The Review

Class Act: Math teacher Garvin Gaston

Garvin+Gaston+%28%2799%29+started+working+at+St.+John%27s+this+year+as+an+Algebra+II+and+Geometry+teacher+after+most+recently+working+at+an+African+safari.
Garvin Gaston ('99) started working at St. John's this year as an Algebra II and Geometry teacher after most recently working at an African safari.

Garvin Gaston ('99) started working at St. John's this year as an Algebra II and Geometry teacher after most recently working at an African safari.

Garvin Gaston ('99) started working at St. John's this year as an Algebra II and Geometry teacher after most recently working at an African safari.

Leila Pulaski, Staff Writer

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Having worked everywhere from a band booking agency to an African safari company, Algebra II and Geometry teacher Garvin Gaston (’99) did not take a traditional path to becoming a teacher.

Gaston never guessed that she would return to St. John’s. Although she wanted to pursue math in college, she ended up majoring in political science at Emory University in Atlanta when the frustrating difficulty of two math classes during her freshman year dissuaded her from a mathematics degree.

“I took Abstract Algebra I, which kicked my butt, and the follow-up that I was going to have to take was Algebra II,” Gaston said. “And I was like ‘no, that’s not going to happen.’”

The Houston native moved back after college and worked a variety of jobs, including substitute teaching at St. Agnes and St. John’s, working for a band booking agency, serving as an oil and gas landman and finally working for a friend’s safari company in Tanzania.

“Working in Tanzania was just one of the most amazing experiences,” Gaston said.

After working in Tanzania for three months, Gaston returned to the United States to spend more time with her family. She pursued a master’s degree in mathematics from the University of Vermont, completing the education she had started at Emory.

“You can always go off and have an adventure,” Gaston said, “but it’s so nice to come back home.”

After graduate school, Gaston decided to return to teaching rather than pursue a PhD because of how much she loved her experience as a substitute teacher. According to Gaston, working on abstract mathematics as a graduate student had been enough research and left her with little interest in moving into a doctorate program.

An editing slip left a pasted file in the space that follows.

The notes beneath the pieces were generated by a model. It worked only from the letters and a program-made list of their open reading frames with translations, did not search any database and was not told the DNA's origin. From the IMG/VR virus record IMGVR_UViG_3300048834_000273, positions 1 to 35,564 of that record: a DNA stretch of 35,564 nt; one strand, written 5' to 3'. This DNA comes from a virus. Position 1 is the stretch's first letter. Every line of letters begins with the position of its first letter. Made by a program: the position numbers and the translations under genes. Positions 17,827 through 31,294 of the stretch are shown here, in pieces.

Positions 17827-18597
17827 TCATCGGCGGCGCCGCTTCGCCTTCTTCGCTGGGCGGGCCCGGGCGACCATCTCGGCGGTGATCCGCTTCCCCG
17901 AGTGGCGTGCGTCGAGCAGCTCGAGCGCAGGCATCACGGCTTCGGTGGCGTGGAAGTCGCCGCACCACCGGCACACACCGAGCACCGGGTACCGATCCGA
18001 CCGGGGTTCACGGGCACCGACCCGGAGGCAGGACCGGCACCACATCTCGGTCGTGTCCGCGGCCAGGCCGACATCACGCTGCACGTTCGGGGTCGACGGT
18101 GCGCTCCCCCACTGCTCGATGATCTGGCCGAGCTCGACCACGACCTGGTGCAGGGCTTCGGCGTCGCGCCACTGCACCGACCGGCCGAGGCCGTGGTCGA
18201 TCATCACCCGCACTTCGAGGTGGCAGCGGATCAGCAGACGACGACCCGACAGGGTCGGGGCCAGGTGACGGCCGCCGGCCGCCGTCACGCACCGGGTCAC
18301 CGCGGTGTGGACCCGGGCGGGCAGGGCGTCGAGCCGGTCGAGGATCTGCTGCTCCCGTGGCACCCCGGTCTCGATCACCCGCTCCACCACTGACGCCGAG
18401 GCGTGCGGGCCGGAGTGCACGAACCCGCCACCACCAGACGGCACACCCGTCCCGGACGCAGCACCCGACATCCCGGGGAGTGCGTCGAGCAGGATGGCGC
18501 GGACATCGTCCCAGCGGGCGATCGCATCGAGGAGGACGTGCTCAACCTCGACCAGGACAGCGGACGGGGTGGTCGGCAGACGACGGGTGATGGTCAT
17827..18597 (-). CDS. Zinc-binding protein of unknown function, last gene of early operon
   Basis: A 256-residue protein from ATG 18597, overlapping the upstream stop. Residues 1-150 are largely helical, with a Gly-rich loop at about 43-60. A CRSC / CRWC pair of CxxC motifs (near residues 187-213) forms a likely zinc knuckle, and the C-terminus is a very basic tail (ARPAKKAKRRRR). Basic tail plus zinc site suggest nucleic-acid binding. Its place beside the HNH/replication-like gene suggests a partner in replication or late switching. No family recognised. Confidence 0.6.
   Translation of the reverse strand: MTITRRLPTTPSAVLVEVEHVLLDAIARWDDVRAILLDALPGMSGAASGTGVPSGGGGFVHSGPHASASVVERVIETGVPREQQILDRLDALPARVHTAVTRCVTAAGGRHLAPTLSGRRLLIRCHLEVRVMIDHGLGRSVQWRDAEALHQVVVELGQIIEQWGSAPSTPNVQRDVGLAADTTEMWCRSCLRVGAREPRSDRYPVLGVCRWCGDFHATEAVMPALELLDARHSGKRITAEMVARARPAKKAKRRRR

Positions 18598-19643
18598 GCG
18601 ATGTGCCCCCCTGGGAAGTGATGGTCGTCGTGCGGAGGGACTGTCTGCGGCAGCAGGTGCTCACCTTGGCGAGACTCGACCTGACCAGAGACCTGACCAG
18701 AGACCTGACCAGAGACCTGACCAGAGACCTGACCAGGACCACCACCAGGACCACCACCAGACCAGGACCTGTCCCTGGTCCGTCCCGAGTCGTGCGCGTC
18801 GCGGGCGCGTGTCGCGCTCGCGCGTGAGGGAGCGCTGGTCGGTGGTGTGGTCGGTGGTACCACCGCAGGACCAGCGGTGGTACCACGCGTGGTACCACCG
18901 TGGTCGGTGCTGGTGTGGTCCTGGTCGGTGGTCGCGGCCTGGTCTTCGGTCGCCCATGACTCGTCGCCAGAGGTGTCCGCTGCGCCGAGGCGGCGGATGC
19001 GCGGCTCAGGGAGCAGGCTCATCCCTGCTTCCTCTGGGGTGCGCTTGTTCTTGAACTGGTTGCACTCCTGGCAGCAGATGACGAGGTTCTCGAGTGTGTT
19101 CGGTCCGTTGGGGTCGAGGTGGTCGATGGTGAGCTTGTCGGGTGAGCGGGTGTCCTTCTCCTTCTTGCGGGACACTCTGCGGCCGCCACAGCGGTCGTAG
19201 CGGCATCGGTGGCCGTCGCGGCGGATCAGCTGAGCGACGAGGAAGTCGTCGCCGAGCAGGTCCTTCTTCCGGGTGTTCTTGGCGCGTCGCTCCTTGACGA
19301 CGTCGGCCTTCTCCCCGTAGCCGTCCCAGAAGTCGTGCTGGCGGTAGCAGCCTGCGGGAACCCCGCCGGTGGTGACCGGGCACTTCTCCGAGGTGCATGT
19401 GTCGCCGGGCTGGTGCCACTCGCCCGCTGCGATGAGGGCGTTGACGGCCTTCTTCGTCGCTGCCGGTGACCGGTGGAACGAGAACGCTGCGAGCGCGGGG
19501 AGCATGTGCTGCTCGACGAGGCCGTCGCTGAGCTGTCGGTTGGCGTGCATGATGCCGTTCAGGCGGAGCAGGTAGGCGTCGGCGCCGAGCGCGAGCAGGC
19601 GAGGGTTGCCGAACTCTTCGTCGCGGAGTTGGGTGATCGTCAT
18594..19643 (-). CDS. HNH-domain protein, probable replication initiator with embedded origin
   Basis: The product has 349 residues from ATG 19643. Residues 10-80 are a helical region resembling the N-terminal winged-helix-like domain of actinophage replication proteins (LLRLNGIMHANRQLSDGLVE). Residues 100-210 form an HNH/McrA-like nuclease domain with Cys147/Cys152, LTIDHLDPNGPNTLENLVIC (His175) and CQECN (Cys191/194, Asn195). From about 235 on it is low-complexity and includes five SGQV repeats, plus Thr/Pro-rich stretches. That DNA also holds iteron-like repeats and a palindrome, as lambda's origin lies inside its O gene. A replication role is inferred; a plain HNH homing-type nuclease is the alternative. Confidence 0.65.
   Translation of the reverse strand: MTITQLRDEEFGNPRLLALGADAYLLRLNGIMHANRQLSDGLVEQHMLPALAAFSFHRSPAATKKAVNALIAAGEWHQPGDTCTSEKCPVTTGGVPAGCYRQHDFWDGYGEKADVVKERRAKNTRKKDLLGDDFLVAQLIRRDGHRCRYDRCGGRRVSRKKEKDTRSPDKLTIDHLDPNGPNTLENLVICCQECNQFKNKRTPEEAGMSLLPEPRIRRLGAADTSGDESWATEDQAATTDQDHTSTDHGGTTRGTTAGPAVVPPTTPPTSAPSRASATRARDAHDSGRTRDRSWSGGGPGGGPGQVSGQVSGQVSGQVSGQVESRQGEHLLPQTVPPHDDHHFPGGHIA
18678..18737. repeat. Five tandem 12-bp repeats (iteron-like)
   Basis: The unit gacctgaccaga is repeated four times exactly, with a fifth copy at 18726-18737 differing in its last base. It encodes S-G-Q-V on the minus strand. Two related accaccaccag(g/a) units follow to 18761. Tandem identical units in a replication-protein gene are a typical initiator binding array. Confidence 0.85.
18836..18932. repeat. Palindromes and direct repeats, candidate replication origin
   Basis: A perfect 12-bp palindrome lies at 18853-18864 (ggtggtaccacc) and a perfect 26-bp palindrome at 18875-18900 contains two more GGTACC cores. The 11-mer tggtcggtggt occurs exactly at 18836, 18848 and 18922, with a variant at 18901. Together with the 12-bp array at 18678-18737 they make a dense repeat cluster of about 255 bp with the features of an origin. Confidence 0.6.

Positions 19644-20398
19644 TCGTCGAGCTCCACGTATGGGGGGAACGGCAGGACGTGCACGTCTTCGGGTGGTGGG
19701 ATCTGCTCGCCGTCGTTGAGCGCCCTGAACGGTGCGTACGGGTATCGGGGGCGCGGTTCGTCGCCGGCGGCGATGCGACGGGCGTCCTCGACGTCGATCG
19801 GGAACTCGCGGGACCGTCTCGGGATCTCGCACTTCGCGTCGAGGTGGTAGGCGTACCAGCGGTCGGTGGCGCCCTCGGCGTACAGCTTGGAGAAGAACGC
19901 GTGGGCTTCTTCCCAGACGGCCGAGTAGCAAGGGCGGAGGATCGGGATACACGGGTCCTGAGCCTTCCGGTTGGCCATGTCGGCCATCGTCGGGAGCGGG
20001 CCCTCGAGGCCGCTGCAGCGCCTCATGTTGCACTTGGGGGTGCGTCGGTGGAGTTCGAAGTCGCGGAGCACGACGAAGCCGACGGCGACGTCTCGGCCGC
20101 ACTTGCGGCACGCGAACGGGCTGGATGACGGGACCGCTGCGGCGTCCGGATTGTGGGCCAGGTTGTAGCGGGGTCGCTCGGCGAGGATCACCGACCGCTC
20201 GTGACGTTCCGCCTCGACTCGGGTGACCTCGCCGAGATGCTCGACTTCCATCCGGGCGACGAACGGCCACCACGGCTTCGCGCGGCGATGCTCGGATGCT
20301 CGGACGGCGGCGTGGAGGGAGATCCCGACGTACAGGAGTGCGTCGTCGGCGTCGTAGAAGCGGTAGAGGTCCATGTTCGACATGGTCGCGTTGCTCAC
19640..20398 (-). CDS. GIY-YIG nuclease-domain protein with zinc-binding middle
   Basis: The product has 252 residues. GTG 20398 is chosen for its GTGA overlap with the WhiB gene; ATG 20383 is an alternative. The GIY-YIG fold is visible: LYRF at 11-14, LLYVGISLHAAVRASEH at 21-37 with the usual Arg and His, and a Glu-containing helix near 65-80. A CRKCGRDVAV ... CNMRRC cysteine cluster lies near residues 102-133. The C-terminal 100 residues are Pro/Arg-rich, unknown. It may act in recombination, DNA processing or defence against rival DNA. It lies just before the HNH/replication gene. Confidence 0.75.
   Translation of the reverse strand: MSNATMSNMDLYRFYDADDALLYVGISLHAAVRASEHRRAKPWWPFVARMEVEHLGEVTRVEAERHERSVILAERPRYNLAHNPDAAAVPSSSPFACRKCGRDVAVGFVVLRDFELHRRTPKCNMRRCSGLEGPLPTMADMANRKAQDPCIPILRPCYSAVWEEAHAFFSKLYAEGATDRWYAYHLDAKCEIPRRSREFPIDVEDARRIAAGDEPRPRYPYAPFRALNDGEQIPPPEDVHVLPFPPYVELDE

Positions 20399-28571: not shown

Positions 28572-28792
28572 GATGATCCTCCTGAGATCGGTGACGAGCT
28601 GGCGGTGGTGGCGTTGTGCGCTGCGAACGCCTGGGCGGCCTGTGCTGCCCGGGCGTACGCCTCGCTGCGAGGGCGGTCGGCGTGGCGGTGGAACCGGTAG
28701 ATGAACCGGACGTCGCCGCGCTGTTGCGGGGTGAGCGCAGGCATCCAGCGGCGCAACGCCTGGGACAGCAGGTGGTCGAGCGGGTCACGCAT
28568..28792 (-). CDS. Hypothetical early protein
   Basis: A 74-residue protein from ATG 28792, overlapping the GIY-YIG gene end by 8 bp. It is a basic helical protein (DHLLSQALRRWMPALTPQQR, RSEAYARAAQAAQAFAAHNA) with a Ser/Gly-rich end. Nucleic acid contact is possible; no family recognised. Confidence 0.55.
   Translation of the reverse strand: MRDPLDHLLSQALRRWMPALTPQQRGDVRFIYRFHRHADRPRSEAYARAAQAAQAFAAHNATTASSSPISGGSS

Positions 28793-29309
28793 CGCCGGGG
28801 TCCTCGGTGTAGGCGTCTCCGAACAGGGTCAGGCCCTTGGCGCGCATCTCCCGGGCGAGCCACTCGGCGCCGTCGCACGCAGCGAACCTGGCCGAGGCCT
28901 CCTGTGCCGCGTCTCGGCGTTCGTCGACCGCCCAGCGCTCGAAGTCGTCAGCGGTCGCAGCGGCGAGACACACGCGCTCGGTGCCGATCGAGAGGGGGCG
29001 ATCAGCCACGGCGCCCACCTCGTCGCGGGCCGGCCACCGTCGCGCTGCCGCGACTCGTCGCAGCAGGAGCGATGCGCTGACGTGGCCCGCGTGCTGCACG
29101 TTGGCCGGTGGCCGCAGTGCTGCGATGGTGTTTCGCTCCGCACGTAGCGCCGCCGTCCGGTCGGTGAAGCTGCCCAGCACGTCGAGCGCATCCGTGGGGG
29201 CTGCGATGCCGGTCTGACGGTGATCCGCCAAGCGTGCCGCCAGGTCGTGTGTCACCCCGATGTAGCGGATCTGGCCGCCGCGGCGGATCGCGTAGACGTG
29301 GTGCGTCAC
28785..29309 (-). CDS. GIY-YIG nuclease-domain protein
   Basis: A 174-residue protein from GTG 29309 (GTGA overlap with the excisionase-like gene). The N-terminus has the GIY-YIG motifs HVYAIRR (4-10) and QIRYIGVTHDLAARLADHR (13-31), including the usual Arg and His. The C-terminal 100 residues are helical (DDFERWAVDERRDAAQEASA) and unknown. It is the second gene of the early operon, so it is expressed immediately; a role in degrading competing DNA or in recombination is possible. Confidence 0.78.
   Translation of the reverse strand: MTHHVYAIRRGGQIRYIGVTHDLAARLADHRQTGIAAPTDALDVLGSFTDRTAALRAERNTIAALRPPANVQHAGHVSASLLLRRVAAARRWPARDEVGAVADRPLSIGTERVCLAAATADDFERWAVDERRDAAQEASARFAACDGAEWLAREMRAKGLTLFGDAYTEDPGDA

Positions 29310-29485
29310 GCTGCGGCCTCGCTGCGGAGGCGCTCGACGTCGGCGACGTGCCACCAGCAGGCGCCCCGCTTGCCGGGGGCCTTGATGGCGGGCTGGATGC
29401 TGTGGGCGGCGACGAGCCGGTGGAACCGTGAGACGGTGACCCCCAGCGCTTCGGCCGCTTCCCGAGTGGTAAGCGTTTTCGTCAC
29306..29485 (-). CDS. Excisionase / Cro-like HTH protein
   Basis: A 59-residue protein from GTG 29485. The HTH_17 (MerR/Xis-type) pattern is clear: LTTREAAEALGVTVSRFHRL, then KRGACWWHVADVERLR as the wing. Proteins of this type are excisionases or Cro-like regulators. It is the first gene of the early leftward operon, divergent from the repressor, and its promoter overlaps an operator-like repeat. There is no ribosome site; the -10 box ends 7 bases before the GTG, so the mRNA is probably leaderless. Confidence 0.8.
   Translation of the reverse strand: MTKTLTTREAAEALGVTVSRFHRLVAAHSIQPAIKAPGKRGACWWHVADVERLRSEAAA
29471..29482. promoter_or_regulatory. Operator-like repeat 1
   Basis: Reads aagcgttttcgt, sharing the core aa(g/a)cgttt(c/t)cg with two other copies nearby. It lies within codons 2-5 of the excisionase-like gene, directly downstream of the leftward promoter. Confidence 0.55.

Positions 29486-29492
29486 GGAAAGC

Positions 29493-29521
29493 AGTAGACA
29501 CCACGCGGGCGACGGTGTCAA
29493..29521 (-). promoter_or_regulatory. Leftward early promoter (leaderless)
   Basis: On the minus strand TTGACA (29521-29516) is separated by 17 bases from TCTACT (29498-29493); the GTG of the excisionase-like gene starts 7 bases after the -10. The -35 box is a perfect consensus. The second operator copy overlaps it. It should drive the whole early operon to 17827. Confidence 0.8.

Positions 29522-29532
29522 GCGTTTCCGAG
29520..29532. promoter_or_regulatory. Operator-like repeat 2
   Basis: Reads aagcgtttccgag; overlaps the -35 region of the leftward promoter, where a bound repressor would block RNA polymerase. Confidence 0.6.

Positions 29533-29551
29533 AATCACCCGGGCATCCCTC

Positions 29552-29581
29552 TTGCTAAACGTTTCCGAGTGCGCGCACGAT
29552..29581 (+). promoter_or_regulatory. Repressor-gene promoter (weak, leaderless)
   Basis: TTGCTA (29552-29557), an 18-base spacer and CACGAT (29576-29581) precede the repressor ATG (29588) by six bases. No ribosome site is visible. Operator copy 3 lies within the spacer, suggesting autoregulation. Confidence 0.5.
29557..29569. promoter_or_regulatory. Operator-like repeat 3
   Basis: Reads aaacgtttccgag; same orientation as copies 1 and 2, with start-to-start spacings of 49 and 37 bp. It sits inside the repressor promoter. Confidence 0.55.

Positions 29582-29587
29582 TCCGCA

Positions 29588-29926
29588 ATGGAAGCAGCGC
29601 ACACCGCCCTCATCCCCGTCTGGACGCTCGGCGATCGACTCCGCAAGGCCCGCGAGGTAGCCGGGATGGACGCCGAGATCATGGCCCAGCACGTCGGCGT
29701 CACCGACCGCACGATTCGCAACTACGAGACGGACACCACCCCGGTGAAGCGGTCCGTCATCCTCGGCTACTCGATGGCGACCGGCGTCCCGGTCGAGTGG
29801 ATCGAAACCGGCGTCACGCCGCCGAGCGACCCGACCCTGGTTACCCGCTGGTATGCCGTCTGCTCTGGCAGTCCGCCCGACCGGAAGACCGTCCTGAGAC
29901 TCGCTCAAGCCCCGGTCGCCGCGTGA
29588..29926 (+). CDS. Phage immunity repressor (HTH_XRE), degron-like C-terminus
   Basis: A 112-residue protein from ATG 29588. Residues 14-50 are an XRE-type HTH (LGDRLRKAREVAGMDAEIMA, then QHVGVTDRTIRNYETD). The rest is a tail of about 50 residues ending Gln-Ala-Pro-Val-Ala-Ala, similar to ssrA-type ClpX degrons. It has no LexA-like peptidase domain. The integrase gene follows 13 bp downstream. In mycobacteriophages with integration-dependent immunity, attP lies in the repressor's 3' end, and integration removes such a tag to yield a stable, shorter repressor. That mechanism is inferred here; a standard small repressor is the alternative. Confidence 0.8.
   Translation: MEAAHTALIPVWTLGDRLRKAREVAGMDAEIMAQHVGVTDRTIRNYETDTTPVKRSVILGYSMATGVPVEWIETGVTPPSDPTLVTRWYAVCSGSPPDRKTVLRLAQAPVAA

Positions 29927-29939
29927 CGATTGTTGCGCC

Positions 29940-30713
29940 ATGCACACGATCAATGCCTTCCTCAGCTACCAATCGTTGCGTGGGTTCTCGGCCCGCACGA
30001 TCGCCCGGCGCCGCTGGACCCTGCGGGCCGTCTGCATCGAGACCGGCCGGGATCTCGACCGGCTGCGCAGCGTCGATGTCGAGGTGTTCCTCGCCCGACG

“I got a glimpse of what that life was like, and I didn’t want it,” Gaston said. “I enjoyed writing the thesis, but a year of research was enough.”

Gaston saw a job listing while living in Vermont and decided to apply. The opportunity to teach at her alma mater and live near her family was too good to pass up.

“I had my fingers crossed so hard about the job because that is really what I wanted,” Gaston said.

According to her students, Gaston has been a welcome addition to the math department.

“When I get lost, she will explain problems to me fully until I totally understand what’s going on,” sophomore Sydney Buchman said.

Gaston is not the only Garvin working at St. John’s, as fellow Geometry and Algebra II teacher Austin Garvin was often mistaken for her at the beginning of the year. Students have shown up in wrong rooms, and teachers have mistakenly emailed the wrong Garvin since August.

“I had a teacher think they emailed me to ask me to cover their class, but they actually had emailed [Ms. Gaston],” Austin Garvin said.

Gaston notes that the school feels much more accommodating than when she was in high school.

“The feel of the school is the same, and some of the traditions are the same as when I was here, but it’s a much friendlier place.”

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About the Writer
Leila Pulaski, Staff Writer
Leila Pulaski is a staff writer. She is a sophomore, and this is her first year on The Review.
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Class Act: Math teacher Garvin Gaston